Enrichment Education

College degrees may no longer be the great equalizer: study

Story at a glance

  • A researcher at Portland State University conducted a study to measure how much a student’s family background limits the power of higher education.
  • He found that college graduates from lower-income families took on larger amounts of student loan debt.
  • Even if the federal government implemented universal student loan forgiveness, that won’t fix the rising cost of college tuition, or the amount of debt future students take on.

The cost of college has been steadily rising for decades, creating an increasing burden for students taking on insurmountable levels of loan debt. Now one researcher believes that’s influencing how valuable college degrees can be to young adults. 

In a study published January in SAGE journals, a researcher from Portland State University used data from the National Survey of College Graduates and found that graduates from lower-income families were more likely to hold a large amount of student loan debt compared to classmates who came from higher-income families. 

Byeongdon “Don” Oh, a sociology postdoctoral fellow at Portland State, conducted the study and argued that even if the federal government granted universal student debt forgiveness, that would only alleviate temporary financial burdens because the cost of college tuition continues to grow and will create similar high debt situations for future generations. 

“Even though we may have one-time student loan forgiveness, new generations will still go to college and considering rising college tuition, they’ll have to borrow more than previous generations and the inequalities will be reproduced over and over again,” said Oh, in a statement.  

“The fundamental solution would be to provide more accessible financial aid for college students from lower-income families.” 


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Though Oh agreed that higher education can increase upward mobility for children from lower-income families, he argued that their life chances will remain relatively restricted if the student loan debt they hold exceeds that of their peers from higher-income families after graduation. 

According to the National Center for Education Statistics (NCES), the prices for undergraduate tuition, fees, room and board at public institutions rose 28 percent between 2008 to 2009 and 2018 to 2019. Prices at private nonprofit institutions rose 19 percent, after adjusting for inflation, during the same time period.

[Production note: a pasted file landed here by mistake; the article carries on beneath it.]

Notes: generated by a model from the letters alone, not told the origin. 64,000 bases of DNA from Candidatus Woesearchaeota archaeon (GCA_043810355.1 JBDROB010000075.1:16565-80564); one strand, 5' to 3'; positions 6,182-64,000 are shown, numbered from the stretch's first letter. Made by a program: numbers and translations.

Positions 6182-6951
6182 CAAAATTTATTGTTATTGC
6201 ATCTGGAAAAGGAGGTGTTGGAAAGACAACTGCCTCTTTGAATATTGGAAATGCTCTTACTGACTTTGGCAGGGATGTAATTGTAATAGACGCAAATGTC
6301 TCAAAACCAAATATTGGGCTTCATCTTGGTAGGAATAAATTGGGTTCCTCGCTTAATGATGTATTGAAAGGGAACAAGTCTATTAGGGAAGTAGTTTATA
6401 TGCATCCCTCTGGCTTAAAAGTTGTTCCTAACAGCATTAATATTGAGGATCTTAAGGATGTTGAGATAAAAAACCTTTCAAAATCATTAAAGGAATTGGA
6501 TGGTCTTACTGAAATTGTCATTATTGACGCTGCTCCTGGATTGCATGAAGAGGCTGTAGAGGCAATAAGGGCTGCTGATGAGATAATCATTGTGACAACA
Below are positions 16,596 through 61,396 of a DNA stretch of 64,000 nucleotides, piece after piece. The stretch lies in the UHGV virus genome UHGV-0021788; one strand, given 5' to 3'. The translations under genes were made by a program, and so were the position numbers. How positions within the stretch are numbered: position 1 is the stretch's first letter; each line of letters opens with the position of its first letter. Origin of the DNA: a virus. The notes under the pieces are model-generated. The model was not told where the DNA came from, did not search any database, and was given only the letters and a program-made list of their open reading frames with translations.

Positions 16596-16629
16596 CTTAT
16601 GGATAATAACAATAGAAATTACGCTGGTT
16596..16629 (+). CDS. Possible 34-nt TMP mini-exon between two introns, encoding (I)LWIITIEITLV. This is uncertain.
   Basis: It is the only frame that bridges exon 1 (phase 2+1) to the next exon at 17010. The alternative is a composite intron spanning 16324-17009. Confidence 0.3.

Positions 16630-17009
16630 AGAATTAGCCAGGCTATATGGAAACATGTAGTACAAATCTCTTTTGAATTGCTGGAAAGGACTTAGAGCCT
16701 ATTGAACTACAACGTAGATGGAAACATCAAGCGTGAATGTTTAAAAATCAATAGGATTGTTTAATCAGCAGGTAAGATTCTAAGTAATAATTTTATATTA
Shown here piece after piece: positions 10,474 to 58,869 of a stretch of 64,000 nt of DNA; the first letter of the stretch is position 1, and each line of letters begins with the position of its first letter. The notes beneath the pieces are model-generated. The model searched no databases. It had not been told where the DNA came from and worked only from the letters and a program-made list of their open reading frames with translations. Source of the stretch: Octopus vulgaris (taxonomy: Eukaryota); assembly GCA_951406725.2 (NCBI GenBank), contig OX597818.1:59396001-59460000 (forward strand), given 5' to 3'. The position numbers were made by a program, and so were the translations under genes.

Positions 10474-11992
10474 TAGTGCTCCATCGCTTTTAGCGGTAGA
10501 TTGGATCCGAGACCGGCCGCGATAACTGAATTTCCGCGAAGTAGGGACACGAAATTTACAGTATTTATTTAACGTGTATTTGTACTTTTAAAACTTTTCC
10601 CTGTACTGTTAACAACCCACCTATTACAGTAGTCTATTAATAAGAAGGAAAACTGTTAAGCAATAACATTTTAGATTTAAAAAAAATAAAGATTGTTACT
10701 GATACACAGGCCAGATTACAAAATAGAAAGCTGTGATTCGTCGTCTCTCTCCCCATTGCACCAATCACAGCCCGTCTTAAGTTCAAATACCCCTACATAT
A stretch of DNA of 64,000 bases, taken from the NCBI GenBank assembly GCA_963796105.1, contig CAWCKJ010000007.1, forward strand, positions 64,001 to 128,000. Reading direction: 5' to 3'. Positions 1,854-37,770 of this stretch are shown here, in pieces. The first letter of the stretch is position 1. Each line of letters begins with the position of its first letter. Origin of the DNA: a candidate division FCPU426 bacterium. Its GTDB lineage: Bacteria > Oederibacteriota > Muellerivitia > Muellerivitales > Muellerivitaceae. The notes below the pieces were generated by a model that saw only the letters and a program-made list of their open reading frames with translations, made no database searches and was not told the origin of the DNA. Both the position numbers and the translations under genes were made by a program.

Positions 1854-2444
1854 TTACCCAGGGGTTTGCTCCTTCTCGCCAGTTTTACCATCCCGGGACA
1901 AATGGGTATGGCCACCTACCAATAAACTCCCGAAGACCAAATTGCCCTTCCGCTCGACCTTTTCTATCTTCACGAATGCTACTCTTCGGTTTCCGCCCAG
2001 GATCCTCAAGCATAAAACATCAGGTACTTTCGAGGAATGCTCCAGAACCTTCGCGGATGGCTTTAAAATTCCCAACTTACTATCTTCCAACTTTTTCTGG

NCES calculated that in the 2018 to 2019 academic year it cost $18,383 to attend public colleges and $47,419 to attend private nonprofit colleges.  

At the same time, NCES estimates that 43 percent of all first-time, degree/certificate seeking undergraduate students were awarded loan aid in 2018 to 2019, a 7 percent decrease from 2010 to 2011. Among four-year colleges, the largest decrease in the percentage of students who were awarded loans was at private for-profit colleges at 70 percent in 2018 to 2019, a 13-percentage point drop from 2010 to 2011. 

Oh’s study argues that there’s increasing evidence that universal student loan forgiveness would benefit disadvantaged student groups as the same amount of debt could be more burdensome for college graduates from lower-income families. 

Beyond parents’ financial status, race also appears to play a factor in student loan debt, as CNBC’s “Invest in You” national poll found 24 percent of Black adults said they have federal student loan debt, compared to only 14 percent of whites, 15 percent of Hispanics and 11 percent of Asians.   

Nearly all people with student loans, 81 percent of CNBC’s poll respondents, said they’ve had to delay key life milestones, like saving for retirement or buying a home, to pay off their loan debt.   

Notably, 54 percent of adults polled said student loans are not worth it to take on debt. 

Though President Biden extended the moratorium on student loan repayments throughout the coronavirus pandemic, he’s remained reluctant to commit to a full-on loan forgiveness program. That’s despite calls from members of Congress to cancel it through executive action. Proponents of the move say it could be the single most effective executive action available to provide massive consumer-driven stimulus. 


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